Edd The Duck (Impulze) Review | Amstrad Computer User - Everygamegoing

Amstrad Computer User

Edd The Duck
By Impulze
Amstrad CPC464

Published in Amstrad Computer User #77

Edd The Duck

As if we didn't have enough superheroes, in flaps another on the wings of TV success.

Old Edd's been around a bit over the last few months. If he's not appearing on Children's TV, he's out at some charity do somewhere or other.

Well, if you haven't seen him recently, it's probably because he's been at the software house trying to blast away the opposition in his latest role as Computer hero.

Edd The Duck

To be fair, and considering the excitement levels of this game, perhaps Edd would have been wiser to stay off the small screen and on the TV screen.

The game itself consists of nine episodes set over three levels located within BBC TV departments. In his quest to become an even bigger superstar, Edd has to battle through the Weather studio, the Special Effects studio and, of course, the riotous Childrens' TV set.

On each level of this vertical scroller, Edd's task is to collect 20 stars which will allow him to progress to even better things. But, yes, there's always a but, in order to hinder his progress, Edd's arch-rival Wilson the Butler has sent in his cronies and they come in all shapes and sizes.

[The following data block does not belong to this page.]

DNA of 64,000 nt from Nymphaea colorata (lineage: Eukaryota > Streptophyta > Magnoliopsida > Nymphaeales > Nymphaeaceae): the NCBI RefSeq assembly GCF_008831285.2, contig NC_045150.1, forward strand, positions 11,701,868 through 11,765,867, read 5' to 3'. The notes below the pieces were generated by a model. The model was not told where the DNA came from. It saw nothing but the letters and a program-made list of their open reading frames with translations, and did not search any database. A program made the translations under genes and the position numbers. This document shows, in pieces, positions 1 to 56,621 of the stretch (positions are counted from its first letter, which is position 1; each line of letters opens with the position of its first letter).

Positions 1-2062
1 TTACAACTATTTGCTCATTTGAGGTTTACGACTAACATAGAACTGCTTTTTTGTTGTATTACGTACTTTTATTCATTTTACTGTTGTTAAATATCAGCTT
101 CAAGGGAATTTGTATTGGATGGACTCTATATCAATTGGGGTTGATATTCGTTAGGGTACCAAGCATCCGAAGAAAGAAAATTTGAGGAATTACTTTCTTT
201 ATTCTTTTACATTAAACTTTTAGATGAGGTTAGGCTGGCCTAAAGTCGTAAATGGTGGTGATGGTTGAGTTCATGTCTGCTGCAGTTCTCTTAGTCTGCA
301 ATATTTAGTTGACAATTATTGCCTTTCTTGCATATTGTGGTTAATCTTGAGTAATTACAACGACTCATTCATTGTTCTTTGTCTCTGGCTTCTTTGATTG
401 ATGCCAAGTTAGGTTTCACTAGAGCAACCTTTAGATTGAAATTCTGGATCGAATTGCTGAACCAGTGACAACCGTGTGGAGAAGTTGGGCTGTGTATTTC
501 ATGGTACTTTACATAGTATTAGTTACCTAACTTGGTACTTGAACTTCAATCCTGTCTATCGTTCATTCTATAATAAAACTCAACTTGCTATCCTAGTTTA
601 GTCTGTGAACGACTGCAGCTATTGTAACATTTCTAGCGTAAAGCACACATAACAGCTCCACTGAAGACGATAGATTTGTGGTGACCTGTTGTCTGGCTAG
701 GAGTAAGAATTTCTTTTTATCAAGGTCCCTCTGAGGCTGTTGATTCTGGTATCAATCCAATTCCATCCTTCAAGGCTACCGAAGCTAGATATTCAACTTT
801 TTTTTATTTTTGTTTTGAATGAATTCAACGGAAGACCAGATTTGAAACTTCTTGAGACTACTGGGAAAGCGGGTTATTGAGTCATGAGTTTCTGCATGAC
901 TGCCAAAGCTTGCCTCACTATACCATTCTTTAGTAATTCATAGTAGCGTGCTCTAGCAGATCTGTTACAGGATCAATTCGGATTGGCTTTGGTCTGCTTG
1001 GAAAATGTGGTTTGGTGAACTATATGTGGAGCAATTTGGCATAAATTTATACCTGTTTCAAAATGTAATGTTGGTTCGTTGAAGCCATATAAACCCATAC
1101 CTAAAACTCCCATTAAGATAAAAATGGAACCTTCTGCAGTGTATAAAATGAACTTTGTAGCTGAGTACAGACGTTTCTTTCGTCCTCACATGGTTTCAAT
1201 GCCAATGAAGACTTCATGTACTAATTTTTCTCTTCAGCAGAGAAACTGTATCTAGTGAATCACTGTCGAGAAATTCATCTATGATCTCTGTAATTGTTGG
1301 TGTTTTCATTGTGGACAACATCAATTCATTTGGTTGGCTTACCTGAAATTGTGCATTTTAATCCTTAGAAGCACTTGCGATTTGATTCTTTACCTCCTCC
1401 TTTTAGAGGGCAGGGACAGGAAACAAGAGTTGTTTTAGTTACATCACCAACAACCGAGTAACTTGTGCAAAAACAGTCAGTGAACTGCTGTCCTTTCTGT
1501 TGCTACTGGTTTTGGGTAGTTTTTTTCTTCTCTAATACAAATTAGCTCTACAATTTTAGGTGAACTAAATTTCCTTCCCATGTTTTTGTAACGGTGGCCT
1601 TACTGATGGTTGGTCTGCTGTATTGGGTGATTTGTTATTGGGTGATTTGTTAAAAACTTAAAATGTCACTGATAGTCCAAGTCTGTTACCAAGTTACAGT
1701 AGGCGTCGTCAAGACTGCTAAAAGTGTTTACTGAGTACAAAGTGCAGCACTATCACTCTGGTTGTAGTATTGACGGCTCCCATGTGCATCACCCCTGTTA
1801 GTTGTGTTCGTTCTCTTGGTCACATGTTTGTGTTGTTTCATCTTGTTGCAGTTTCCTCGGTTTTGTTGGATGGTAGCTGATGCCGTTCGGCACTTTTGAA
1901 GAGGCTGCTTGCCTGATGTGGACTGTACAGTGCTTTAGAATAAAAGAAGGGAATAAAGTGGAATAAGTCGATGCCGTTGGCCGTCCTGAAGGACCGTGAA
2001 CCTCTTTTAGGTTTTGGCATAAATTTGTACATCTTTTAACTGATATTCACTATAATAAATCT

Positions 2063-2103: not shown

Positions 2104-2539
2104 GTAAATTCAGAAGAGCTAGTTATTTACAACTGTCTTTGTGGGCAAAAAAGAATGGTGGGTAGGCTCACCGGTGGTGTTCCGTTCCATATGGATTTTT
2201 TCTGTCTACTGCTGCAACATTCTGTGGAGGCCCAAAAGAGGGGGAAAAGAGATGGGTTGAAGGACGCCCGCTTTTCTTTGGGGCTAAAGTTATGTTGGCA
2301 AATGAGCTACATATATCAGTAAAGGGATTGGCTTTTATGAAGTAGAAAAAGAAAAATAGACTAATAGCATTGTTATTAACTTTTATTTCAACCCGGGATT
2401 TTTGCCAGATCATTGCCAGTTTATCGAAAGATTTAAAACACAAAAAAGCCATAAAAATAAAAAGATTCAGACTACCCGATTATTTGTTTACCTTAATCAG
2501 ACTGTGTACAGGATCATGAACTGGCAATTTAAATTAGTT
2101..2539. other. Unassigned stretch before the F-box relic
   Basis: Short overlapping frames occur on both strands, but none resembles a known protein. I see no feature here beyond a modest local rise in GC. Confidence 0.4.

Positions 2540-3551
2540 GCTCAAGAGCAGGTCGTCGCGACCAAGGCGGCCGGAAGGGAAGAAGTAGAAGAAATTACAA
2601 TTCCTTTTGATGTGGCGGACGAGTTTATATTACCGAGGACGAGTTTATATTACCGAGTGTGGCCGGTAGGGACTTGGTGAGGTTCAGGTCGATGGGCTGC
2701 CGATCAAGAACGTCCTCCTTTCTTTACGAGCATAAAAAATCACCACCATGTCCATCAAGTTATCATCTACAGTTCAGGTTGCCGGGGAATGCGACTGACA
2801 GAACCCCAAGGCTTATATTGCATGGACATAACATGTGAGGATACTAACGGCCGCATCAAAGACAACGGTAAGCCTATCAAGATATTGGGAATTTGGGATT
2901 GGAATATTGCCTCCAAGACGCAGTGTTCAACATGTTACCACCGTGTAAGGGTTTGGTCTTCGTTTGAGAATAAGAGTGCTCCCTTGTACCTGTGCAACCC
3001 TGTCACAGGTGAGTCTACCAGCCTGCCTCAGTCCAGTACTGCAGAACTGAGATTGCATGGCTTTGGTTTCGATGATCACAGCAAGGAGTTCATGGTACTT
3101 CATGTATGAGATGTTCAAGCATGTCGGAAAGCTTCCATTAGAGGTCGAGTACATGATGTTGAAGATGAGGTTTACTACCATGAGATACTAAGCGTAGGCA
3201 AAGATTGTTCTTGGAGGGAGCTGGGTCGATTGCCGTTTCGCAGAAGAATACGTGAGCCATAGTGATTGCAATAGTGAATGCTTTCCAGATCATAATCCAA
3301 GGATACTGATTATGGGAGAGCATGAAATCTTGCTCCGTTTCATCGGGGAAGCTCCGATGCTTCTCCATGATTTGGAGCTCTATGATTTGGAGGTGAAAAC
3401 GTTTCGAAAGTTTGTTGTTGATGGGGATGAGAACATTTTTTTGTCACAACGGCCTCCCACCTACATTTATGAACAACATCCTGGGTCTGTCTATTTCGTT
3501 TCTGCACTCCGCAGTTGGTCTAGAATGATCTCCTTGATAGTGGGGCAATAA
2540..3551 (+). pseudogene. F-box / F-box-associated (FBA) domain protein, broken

Edd The Duck

Ok, so what's Edd got up his sleeve to even things out a bit? Well, he's got this mega Snowball Shooter to despatch with the had guys.

Unfortunately, the shooter only temporarily stuns his opponents instead of killing them. All very tasteful, I'm sure, but just when you think you've got a level beat, up jump the baddies and out goes Edd.

You start off the game with four takes, or lives, and losing those is a fairly easy task if you're not careful.

Edd The Duck

So there you have it. Once you've got your first 20 stars, it's off to the second level and pretty much of the same thing really. Although the faces of the bad guys do change, watch out for the Arglefrogs in particular, the action gets a little repetitive.

The vertical scrolling isn't bad, but not being able to change direction mid-jump can be fatal. Lose those four takes and it's back to the beginning.

Edd The Duck is fun as far as it goes, but for lasting interest in the playability stakes, it might be advisable to stick to that old gem of vertical scrollers, Flimbo's Quest.

Brad Fisher

Other Amstrad CPC464 Game Reviews By Brad Fisher

  • Midnight Resistance Front Cover
    Midnight Resistance
  • ESWAT Front Cover
  • The Spy Who Loved Me Front Cover
    The Spy Who Loved Me
  • Firelord Front Cover
  • Chip's Challenge Front Cover
    Chip's Challenge
  • Line Of Fire Front Cover
    Line Of Fire
  • Badlands Front Cover
  • Turrican II: The Final Fight Front Cover
    Turrican II: The Final Fight
  • Miami Cobra Gt Front Cover
    Miami Cobra Gt
  • Rana-Rama Front Cover